Antibiotics for Acne

Since 1897, when the renowned French dermatologist Raymond Sabouraud first noted that material from acne lesions contained bacteria, it has been assumed that killing that bacteria would clear acne. What M. Sabouraud did not realize is that all pores, whether afflicted with acne or clear, contain those same bacteria.

Bacteria does not cause acne. The excess shedding of skin cells within the pores causes acne. Bacteria does play a part in the inflammation process, but oral antibiotics can only provide 20 to 30% of the solution to your acne, and most oral antibiotics can’t reach your pores where the problem is anyway.

In addition, their continual use creates a host of other problems.

Effects of long-term use of antibiotics for acne

The side effects of long-term acne antibiotic use are legion:

  • interference with the useful bacteria in the digestive and reproductive systems, which can lead to recurring nausea, heartburn, and yeast infections;
  • severe sun sensitivity leading to hyperpigmentation and discoloration,
  • dehydration,
  • staining of the teeth,
  • thinning hair,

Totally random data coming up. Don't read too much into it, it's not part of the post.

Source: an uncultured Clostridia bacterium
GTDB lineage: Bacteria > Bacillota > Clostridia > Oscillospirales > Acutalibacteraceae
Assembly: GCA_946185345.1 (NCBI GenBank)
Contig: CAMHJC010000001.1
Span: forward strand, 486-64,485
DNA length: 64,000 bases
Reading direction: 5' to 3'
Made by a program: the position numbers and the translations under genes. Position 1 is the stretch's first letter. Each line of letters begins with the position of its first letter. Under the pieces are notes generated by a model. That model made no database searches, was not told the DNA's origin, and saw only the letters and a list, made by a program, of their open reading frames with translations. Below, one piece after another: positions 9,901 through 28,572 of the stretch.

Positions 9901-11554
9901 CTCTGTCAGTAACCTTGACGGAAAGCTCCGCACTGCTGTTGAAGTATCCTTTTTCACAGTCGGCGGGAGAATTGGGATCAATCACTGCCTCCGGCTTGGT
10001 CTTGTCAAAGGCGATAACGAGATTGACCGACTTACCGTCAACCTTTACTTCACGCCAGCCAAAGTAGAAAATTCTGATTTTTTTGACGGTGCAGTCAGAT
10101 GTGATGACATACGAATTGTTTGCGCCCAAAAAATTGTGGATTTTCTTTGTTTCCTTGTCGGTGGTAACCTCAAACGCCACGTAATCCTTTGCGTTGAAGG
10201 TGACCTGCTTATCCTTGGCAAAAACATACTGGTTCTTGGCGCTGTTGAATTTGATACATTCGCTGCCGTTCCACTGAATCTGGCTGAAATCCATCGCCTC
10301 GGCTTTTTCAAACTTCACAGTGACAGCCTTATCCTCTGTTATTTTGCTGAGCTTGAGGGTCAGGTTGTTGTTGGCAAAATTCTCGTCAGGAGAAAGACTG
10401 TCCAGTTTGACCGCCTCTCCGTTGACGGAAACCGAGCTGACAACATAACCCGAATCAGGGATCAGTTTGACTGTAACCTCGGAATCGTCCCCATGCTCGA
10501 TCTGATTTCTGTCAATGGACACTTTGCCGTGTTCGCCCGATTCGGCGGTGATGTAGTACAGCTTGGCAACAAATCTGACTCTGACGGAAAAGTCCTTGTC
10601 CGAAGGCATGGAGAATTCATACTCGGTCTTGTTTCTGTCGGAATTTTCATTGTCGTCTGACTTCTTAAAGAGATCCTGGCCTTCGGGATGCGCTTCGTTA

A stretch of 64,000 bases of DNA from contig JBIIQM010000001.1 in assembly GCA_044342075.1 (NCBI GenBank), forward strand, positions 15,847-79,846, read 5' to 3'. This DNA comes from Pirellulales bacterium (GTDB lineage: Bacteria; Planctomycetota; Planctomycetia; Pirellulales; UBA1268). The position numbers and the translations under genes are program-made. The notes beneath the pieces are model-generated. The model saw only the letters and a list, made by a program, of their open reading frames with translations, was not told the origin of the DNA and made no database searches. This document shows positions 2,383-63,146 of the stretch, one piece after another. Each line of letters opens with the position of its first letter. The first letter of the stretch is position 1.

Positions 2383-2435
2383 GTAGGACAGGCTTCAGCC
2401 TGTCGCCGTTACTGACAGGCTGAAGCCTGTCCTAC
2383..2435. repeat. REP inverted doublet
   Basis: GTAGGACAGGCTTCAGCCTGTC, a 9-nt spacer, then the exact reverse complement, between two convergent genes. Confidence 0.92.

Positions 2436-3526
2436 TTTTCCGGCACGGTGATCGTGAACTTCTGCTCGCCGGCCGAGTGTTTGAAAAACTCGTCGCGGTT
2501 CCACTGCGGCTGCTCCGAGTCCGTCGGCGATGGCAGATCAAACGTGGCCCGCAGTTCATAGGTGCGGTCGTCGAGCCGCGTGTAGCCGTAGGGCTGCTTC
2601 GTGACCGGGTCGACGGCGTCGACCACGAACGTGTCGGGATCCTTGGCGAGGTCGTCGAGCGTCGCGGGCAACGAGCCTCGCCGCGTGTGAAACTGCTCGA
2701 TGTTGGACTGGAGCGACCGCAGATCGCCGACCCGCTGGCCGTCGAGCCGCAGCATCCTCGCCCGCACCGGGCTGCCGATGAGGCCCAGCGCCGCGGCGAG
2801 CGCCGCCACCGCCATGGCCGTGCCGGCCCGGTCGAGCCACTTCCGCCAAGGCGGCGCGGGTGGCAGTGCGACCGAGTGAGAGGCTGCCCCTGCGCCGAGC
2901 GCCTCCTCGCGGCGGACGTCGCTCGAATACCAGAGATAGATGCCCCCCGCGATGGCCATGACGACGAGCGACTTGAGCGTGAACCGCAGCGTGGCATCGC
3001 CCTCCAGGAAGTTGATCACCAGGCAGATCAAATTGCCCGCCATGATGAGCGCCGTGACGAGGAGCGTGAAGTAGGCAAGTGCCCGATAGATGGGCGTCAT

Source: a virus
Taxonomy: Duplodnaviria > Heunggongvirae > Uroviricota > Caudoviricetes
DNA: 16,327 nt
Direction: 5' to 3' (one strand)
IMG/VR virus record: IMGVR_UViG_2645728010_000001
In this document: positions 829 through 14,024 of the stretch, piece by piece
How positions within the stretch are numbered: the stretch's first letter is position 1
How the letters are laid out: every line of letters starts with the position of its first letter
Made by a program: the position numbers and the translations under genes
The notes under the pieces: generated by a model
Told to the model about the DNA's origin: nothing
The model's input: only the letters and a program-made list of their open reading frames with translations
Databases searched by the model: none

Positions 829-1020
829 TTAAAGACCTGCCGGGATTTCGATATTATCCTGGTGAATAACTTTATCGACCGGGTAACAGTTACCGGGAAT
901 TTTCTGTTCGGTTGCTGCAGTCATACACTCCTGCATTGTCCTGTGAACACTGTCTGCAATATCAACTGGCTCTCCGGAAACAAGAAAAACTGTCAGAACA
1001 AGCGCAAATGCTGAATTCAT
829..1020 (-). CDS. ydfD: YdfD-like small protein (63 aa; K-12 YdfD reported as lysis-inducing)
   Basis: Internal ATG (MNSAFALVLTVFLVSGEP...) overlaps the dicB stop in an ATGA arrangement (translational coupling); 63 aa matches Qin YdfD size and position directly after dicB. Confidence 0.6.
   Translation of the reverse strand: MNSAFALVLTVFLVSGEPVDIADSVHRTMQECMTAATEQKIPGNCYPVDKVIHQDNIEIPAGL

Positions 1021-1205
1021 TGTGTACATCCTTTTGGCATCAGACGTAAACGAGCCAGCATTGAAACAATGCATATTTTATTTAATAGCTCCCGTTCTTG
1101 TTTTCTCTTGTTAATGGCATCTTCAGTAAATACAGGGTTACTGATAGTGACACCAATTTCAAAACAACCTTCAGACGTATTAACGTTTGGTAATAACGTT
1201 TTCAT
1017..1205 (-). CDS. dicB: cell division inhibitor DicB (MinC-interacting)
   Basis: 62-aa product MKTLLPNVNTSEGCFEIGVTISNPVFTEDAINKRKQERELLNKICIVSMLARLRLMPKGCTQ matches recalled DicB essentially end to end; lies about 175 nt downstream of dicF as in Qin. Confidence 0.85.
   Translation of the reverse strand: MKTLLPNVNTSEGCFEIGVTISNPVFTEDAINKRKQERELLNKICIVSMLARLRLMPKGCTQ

• birth defects and
  • a possible link to breast cancer.

Furthermore, the overuse of antibiotics for acne is leading to the development of what scientists are calling the “superbugs:” bacteria that will be completely resistant to all antibiotics in existence. The advent of such strains will take us back to health care as it was prior to World War II when people died from initially minor infections.

Do you really want to risk all that for something that isn’t really going to cure your acne?

One famous acne specialist, Kathryn Khadija Leverette, puts it this way, “If tetracycline can arrest venereal disease within ten days, why are you still breaking out after all these years?”

The right approach to clearing acne

The right approach to clearing acne is topical, both professional treatments and a home care regimen, that exfoliate without irritating and include a topical antimicrobial that delivers oxygen into the pores. Notice I said antimicrobial, not antibiotic. P. acnes bacteria are anaerobic bacteria. They cannot survive in the presence of oxygen. So getting rid of them is as simple as introducing oxygen molecules deep into the pores.

Because skin types and conditions vary greatly, different topical products need to be tested on the individual to check for sensitivity and efficacy. Some skin types and conditions can get noticeable results in several days and get fully clear in a matter of weeks. Some will take several weeks to get noticeable results and a few months to clear completely.

If you have acne, seek out a professional who specializes in acne and doesn’t just dole out prescriptions. The risks are minimal and the results outstanding.

© 2011 Jane Neville Dudik, The Acne Treatment Center and